http://www.uom.gr/
HU
U
U
HU
U
Technological Educational Institutes
Town
Institute
Athens
Technological Educational Institute
of Athens
Technological Educational Institute
of Piraeus
Technological Educational Institute
of Epirus
Technological Educational Institute
of Thessalonica
Technological Educational Institute
of Kavala
Technological Educational Institute
of Western Macedonia
Technological Educational Institute
of Lamia
Technological Educational Institute
of Larissa
Technological Educational Institute
of Chalkida
Technological Educational Institute
of Mesologgi
Technological Educational Institute
of Patra
Technological Educational Institute
of Serres
Piraeus
Arta
Thessaloniki
Kavala
Kozani
Lamia
Larissa
Chalkida
Messolonghi
Patra
Serres
- 509 -
http address
http://www.teiath.gr/
HU
UH
http://www.teipir.gr/
HU
UH
http://www.teiep.gr/
HU
U
http://www.teithe.gr/
H
http://www.teikav.edu.gr/
HU
http://www.teikoz.gr/
HU
U
http://www.teilam.gr/
HU
U
http://www.teilar.gr/
HU
U
http://www.teihal.gr/
HU
U
http://www.teimes.gr/
HU
http://www.teipat.gr/
HU
U
http://www.teiser.gr/
HU
U
U
U
HU: Magyarország (Hungary)
HU: Magyarország (Hungary)
State Universities
City
Hungarian
name
Budapest
Budapesti Mûszaki és
Gazdaságtudományi
Egyetem
Budapest
Debrecen
English name
Legend
Budapest University of
Technology and
Economics
BME
Eötvös Loránd
University
ELTE (ELTE-TTK)
University of Debrecen
DE (DE-MFK/TTK)
H
Eötvös Loránd
Tudományegyetem
H
Debreceni Egyetem
H
http address
http://www.bme.hu/en/org
anization/faculties/electric
al/index.html
HU
U
http://teo.elte.hu/fs/
H
http://www.klte.hu/eng.ht
m
HU
U
Miskolc
Miskolci Egyetem
Pécs
Pécsi
Tudományegyetem
Sopron
Nyugat-Magyarországi
Egyetem
Veszprém
Veszprémi Egyetem
University of Miskolc
ME (ME-GÉK)
University of Pécs
PTE (PTEPMMFK)
University of Sopron
NYME
University of Veszprém
VE (VE-MK)
http://www.vein.hu/othe
r_lang/english/english.h
tml
http address
H
H
H
http://www.unimiskolc.hu/e_index.php
H
http://www.ki.pte.hu/en
g/
H
http://www.nyme.hu/
HU
UH
H
Colleges
City
Hungarian
name
English name
Legend
Budapest
Budapesti Műszaki
Főiskola
Budapest Polytechnic
BMF
Budapest
Gábor Dénes Főiskola
Gábor Dénes college
GDF
Budapest
Semmelweis Egyetem
Semmelweis University
SE
Budapest
Zrinyi Miklos
Nemzetvedelmi
Egyetem
ZMNE-BKMFK
Dunaújváros
Dunaújvárosi Főiskola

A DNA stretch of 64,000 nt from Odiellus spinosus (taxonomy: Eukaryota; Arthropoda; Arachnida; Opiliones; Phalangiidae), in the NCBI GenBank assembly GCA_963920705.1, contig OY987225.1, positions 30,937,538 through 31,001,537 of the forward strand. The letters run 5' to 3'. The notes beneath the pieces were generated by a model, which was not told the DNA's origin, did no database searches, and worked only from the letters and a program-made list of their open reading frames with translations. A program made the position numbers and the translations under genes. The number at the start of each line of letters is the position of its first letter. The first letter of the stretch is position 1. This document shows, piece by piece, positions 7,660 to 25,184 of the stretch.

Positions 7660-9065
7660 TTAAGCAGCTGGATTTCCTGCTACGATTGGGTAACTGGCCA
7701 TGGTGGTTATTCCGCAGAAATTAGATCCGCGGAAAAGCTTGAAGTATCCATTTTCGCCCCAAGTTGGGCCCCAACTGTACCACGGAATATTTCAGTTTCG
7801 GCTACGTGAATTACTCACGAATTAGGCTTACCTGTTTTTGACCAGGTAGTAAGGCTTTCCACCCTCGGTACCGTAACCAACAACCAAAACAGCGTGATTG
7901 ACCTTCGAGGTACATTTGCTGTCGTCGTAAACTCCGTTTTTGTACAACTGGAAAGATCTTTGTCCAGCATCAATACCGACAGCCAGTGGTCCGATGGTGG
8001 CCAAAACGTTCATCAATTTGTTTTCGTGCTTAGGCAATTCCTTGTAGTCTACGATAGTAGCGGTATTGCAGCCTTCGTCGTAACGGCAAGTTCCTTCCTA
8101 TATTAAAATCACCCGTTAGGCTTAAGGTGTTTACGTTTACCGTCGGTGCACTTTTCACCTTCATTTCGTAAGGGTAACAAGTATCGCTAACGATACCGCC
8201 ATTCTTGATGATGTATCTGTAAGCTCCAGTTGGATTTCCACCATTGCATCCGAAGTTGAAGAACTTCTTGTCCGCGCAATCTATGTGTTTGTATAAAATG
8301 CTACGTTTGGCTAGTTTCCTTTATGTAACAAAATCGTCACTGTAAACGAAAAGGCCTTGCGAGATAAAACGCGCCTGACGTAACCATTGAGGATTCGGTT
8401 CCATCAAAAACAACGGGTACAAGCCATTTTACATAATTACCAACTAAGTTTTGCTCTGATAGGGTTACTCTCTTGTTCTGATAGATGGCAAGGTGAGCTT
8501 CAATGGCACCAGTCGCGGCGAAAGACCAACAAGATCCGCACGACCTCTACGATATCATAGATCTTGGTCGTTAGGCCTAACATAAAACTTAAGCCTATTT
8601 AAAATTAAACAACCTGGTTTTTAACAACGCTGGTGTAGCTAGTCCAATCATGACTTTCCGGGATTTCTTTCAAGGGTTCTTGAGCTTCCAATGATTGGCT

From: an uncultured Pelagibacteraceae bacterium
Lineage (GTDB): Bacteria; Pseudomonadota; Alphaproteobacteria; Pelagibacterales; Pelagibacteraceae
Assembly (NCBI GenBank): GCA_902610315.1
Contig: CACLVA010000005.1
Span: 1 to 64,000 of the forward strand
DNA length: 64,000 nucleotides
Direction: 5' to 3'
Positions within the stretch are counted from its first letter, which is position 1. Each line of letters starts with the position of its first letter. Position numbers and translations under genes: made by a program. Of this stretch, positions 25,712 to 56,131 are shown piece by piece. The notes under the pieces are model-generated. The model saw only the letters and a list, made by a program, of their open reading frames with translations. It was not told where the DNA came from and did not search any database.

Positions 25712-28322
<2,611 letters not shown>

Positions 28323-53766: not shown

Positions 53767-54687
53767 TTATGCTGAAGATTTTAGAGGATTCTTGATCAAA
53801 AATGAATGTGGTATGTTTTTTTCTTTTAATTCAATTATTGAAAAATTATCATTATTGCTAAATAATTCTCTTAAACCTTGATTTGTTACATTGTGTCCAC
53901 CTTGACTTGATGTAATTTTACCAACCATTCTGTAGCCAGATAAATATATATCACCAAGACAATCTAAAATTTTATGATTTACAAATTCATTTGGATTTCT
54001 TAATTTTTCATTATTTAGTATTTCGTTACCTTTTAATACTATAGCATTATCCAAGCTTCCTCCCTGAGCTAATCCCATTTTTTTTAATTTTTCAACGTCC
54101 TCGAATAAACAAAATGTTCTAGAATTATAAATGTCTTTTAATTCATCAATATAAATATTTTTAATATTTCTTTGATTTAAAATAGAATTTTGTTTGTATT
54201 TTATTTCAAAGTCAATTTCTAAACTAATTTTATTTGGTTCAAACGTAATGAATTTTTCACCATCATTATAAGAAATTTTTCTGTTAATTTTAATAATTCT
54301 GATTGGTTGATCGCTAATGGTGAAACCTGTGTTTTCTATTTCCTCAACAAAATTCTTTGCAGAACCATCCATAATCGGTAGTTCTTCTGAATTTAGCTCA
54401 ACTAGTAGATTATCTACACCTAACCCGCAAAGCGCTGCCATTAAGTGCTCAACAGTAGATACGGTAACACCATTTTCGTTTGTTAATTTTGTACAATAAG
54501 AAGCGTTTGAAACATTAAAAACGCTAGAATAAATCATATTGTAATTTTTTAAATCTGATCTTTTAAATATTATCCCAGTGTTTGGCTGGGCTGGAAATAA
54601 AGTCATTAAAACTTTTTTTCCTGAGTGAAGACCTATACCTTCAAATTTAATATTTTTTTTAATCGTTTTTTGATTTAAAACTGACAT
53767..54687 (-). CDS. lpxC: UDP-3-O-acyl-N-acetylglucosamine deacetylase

DF
Eger
Eszterházy
Eszterházy Karoly
Főiskola
Gödöllõ
Szent István Egyetem
Kaposvár
Kaposvári Egyetem
H
Eszterházy Karoly
College
EKF-TTK
Szent István University
SZIE
University of Kaposvár
KE
H
http://www.bmf.hu/
HU
UH
http://www.gdf-ri.hu/
H
http://www.sote.hu/
HU
UH
http://www.zmne.hu/
H
H
http://www.poliod.hu/
H
H
http://www.ektf.hu/index
.php
H
H
http://www.szie.hu/
HU
UH
http://www.kaposvar.pate.
hu/
HU
UH
Kecskemét
Kecskeméti Főiskolán
Gyõr
Széchenyi István
Egyetem
Széchenyi István
University
SZE-MTK
Szeged
Szegedi
Tudományegyetem
University of Szeged
SZTE
KF-GAMFK
http://www.gamf.hu/
H
H
http://www.sze.hu/
H
http://www.inf.uszeged.hu
H
H
- 510 -
H
H
IE: Éire / Ireland
IE: Éire /Ireland
Universities
Town
Name
Cork
University College Cork
Dublin
Dublin City University
http address
http://www.ucc.ie
HU
UH
http://www.dcu.ie
HU
University College Dublin
UH
http://www.ucd.ie
HU
UH
http://www.tcd.ie
University of Dublin, Trinity
College
http://www.nuigalway.ie
National University of
Ireland, Galway
http://www.ul.ie
University of Limerick
HU
Galway
Limerick
Maynooth
UH
HU
UH
HU
National University of
Ireland, Maynooth
UH
http://www.may.ie
HU
UH
Institutes of Technology
Town
Athlone
Carlow
Cork
Dublin
Dundalk
Galway-Mayo
Letterkenny
Limerick
Sligo
Tallaght
Tralee
Waterford
Dublin
Name
http address
Athlone Institute of
http://www.ait.ie
Technology
Institute of Technology
http://www.itcarlow.ie
Carlow
Cork Institute of Technology
http://www.cit.ie
HU
UH
HU
UH
HU
Dublin Institute of
Technology
Dundalk Institute of
Technology
Galway-Mayo Institute of
Technology
Letterkenny Institute of
Technology
UH
http://www.dit.ie
HU
U
http://www.dkit.ie
HU
U
http://www.gmit.ie